Last week, this paper in Lancet ID generated heated (and mostly negative) discussions on X, but I suspect that selection bias may have had a role in that. What was (and was not) investigated? And how?
The study aimed “to do a comparative evaluation of both acute and long-term risks and burdens of a comprehensive set of health outcomes following hospital admission for COVID-19 or seasonal influenza.” The researchers did this by creating two different groups: patients hospitalized with COVID-19 (1, n=81,000) or with influenza (2, n=11,000), and then counted what – subsequently – happened to them (the endpoints) and compared those (comparative evaluation). Obviously, the groups differed, e.g., in their reason for admission and in time (COVID-19 during the pandemic and influenza in a period 3 years before that). Thus, the researchers attempted – based on available information at the time of admission about each person’s health and risk on outcomes – to equalize the groups as much as possible in order to make the infection (COVID-19 or influenza) the only difference.
Persons reporting endpoints were not part of the study team; they were producing the healthcare bills from hospital health records, which should include all complications and events that occurred after being hospitalized. That procedure/accurateness may change over years, e.g., through higher awareness for some outcomes (during pandemic?), which would introduce bias for outcomes. Yet that also seems less likely regarding death. Death rate was higher for COVID-19 and mainly – as one would expect – in the acute phase: see angle of red compared to blue line (Fig1). Thereafter, both lines climb more or less in parallel, reflecting much smaller differences in death rates (although still somewhat higher for COVID-19). Other endpoints also mainly occurred in the acute phase, but with more comparable rates in both groups. In general, again, higher in COVID-19, but absolute differences were relatively small (Fig2). Statistically significant, but that is not necessarily equal to clinically relevant.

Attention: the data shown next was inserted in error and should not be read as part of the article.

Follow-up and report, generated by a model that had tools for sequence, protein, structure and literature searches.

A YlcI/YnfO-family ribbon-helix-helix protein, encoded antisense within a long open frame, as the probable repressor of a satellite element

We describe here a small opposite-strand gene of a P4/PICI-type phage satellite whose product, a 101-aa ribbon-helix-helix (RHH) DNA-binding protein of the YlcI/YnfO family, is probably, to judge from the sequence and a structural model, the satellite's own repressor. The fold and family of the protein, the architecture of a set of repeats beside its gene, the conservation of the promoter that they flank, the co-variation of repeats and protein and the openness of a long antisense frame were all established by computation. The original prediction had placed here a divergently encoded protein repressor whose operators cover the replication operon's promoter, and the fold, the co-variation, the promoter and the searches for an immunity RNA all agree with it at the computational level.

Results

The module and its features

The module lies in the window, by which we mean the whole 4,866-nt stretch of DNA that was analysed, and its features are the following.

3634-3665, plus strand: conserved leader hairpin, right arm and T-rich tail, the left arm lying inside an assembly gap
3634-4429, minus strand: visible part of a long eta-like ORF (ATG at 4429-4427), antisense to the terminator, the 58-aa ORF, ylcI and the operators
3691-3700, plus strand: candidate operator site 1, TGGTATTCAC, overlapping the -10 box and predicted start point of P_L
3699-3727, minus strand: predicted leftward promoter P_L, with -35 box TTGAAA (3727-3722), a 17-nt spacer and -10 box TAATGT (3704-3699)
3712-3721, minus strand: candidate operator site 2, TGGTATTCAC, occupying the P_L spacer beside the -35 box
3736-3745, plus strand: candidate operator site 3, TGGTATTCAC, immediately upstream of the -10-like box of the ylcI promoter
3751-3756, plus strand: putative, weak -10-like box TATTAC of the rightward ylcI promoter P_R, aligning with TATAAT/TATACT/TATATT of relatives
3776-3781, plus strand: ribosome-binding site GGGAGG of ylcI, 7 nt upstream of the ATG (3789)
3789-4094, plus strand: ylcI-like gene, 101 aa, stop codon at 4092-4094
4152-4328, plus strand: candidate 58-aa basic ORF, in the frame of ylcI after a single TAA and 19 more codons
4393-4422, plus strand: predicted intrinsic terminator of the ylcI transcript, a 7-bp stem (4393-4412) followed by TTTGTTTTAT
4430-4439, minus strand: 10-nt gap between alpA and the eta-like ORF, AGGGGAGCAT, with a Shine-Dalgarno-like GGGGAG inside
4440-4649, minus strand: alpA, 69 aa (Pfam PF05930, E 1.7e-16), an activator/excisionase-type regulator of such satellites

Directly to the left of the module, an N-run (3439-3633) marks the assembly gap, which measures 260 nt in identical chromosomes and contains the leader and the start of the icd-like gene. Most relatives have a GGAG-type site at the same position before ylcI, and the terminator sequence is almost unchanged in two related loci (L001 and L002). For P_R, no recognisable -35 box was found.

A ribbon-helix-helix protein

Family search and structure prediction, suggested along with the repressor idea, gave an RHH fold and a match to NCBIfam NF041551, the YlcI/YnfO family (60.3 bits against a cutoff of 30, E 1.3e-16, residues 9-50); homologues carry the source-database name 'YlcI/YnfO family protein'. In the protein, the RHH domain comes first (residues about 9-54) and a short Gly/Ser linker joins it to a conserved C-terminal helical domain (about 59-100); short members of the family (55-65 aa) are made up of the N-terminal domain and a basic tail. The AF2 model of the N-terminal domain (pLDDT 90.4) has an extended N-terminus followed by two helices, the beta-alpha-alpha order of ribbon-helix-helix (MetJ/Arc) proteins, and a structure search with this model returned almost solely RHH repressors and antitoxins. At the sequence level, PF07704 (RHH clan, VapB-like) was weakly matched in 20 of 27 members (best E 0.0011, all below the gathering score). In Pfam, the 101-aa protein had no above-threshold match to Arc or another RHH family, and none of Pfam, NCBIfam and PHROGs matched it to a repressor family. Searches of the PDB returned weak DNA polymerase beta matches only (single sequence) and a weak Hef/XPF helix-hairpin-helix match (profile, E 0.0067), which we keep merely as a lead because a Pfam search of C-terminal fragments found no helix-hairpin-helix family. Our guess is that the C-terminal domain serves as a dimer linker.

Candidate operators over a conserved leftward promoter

Is this study valid? To a large extent, yes. Obviously, the groups were different (for a good reason) and attempts for adjusting for other factors influencing the occurrence of endpoints were extensive but may never be perfect (as acknowledged). To me, it is shown convincingly that the differences in death rates in the acute phase are more likely caused by the infection types than by other determinants. I’m less convinced, though, regarding the “softer” endpoints with much smaller differences.
Is this study generalizable? Yes, to a similar population (American men of age). Whether this all applies to other countries or to infected people not needing hospitalization remains unknown.
My take: If you were an “American of age” hospitalized with COVID-19, your risk of death in the short-term was considerably higher than if admitted with influenza before the pandemic. And if you survived the acute phase, the risk of long-term complaints was considerable for both infections, and perhaps somewhat higher after COVID-19. The study shows that long-term complaints after infection are not exclusively associated (and may be not increased) with COVID-19. Yet as so many people had COVID-19 in such short time – it explains the burden the disease created, but it also suggests that an effective treatment for long/post-COVID may also be effective for other post-“infection complaints”.